Customer engagement in Facebook has emerged as a topic of great interest for consultants and marketing managers due to their interest in finding out about the nature of the connections between online brand communities and their target audience and to understand which factors determine the engagement factor among brands and followers in this social network.
Traditionally, Facebook has portrayed the engagement factor as the sum of certain metrics contained in its social plug-ins, such as the number of reactions (like, love, laugh, surprised, sad and angry), comments and amplifications (shares) divided by the total number of likes of a certain fanpage.
Such measurement seeks to determine the degree of connection and empathy between the actions developed by brands and their followers. However, for some marketing professionals such variables don’t describe other important elements that also affect the way in which their content captures followers’ attention or to find relevant insights that reflects brands’ ability to engage customers.
Other ways to determine engagement in Facebook.
Multiple methodologies have been developed by marketing researchers with the idea of expanding the spectrum of possibilities that help to understand the engagement factor in Facebook, ranging from mathematical models that aim to measure certain “key performance indicators” (KPI’s: Key Performance Indicators) to theoretical methodologies based on advertisement and psychology theories.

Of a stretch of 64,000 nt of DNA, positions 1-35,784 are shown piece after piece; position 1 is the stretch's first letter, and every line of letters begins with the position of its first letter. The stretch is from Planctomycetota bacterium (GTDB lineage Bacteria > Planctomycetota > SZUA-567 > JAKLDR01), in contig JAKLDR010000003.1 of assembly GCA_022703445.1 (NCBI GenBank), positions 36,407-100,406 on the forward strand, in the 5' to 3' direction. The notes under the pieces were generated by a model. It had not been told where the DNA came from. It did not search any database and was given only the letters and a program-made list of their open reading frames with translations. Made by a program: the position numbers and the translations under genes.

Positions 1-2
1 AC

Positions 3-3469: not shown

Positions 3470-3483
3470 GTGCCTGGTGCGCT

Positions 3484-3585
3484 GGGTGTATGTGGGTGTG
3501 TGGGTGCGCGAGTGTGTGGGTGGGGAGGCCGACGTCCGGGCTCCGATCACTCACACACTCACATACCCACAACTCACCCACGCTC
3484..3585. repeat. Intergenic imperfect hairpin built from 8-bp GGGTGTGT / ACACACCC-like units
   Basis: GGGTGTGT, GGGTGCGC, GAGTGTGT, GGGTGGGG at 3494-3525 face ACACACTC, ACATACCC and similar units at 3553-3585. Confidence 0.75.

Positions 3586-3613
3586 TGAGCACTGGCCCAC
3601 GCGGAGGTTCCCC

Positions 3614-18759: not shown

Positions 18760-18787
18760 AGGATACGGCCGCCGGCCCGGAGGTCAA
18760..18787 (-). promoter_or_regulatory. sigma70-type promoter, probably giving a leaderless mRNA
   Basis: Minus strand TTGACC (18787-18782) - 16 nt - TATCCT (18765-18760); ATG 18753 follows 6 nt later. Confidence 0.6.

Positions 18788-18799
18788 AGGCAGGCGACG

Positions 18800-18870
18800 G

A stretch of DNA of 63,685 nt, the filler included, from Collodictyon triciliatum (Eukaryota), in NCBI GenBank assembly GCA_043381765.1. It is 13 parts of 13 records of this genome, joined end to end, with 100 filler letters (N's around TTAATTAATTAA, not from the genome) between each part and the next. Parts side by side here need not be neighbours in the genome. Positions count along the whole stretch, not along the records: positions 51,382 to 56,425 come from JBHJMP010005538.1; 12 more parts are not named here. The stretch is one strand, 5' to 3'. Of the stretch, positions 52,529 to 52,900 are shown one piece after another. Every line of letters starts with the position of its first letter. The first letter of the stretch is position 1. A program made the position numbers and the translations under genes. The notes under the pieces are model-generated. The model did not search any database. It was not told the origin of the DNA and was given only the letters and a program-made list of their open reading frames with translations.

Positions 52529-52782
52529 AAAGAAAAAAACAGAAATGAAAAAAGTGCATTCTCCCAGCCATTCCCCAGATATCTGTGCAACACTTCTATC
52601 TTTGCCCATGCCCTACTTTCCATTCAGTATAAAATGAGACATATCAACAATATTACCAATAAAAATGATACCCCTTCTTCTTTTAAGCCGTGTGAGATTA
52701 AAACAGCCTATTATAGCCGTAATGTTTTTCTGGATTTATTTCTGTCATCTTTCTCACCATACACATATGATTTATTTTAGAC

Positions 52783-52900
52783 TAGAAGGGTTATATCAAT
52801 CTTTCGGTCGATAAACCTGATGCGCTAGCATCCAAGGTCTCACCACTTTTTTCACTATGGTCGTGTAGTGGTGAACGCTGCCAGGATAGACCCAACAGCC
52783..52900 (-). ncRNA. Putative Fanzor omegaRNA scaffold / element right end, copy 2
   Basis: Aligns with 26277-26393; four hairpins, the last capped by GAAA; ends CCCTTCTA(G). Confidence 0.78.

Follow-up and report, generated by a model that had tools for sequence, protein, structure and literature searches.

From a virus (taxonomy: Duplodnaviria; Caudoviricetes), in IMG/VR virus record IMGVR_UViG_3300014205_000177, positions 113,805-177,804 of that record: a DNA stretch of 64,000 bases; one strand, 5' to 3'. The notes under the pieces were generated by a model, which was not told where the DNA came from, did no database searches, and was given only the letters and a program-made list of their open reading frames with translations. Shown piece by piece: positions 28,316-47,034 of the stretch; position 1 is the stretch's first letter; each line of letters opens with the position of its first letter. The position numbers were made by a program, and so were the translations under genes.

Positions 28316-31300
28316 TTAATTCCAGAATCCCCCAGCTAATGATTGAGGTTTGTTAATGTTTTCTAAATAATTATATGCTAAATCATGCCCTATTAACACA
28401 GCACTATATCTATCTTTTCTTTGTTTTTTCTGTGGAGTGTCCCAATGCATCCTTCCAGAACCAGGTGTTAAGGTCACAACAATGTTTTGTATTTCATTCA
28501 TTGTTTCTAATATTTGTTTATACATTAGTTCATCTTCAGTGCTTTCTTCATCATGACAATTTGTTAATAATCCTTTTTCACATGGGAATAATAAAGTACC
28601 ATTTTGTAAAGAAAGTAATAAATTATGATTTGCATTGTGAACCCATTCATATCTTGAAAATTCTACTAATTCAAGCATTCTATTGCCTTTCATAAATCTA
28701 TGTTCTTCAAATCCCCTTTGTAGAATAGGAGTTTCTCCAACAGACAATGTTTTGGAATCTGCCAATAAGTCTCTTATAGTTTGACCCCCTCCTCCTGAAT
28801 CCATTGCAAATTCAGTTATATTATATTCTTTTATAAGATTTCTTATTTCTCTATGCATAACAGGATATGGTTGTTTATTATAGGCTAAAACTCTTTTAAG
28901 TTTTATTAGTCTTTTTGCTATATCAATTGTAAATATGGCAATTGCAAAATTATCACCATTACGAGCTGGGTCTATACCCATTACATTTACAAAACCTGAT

For instance, some methodologies embrace engagement from the analysis of the interactions between the brands and their followers in Facebook, categorizing the posts that communicate humor, emotions or the brands’ philanthropic actions as a high engagement generators while the content that communicates prices and items availability as low engagement generators.
In the other side, some methodologies propose mathematical models based on the measurement of a matrix of variables such as:
- The number of “posts” published during a given campaign.
- The number of followers of a publication.
- The number of videos, pictures and links shared.
- The status updates of the Facebook campaign or brand page.
Even though, these methodologies try to evaluate Facebook engagement from various areas of knowledge, they don’t delineate a holistic approach that encompasses theories from different sciences combined with a statistical model.
The development of more comprehensive methodologies, can help marketers to obtain more in-depth insights about how is engagement created in Facebook and to determine which key factors characterize the relationships between online brand communities and their followers on Internet-based applications.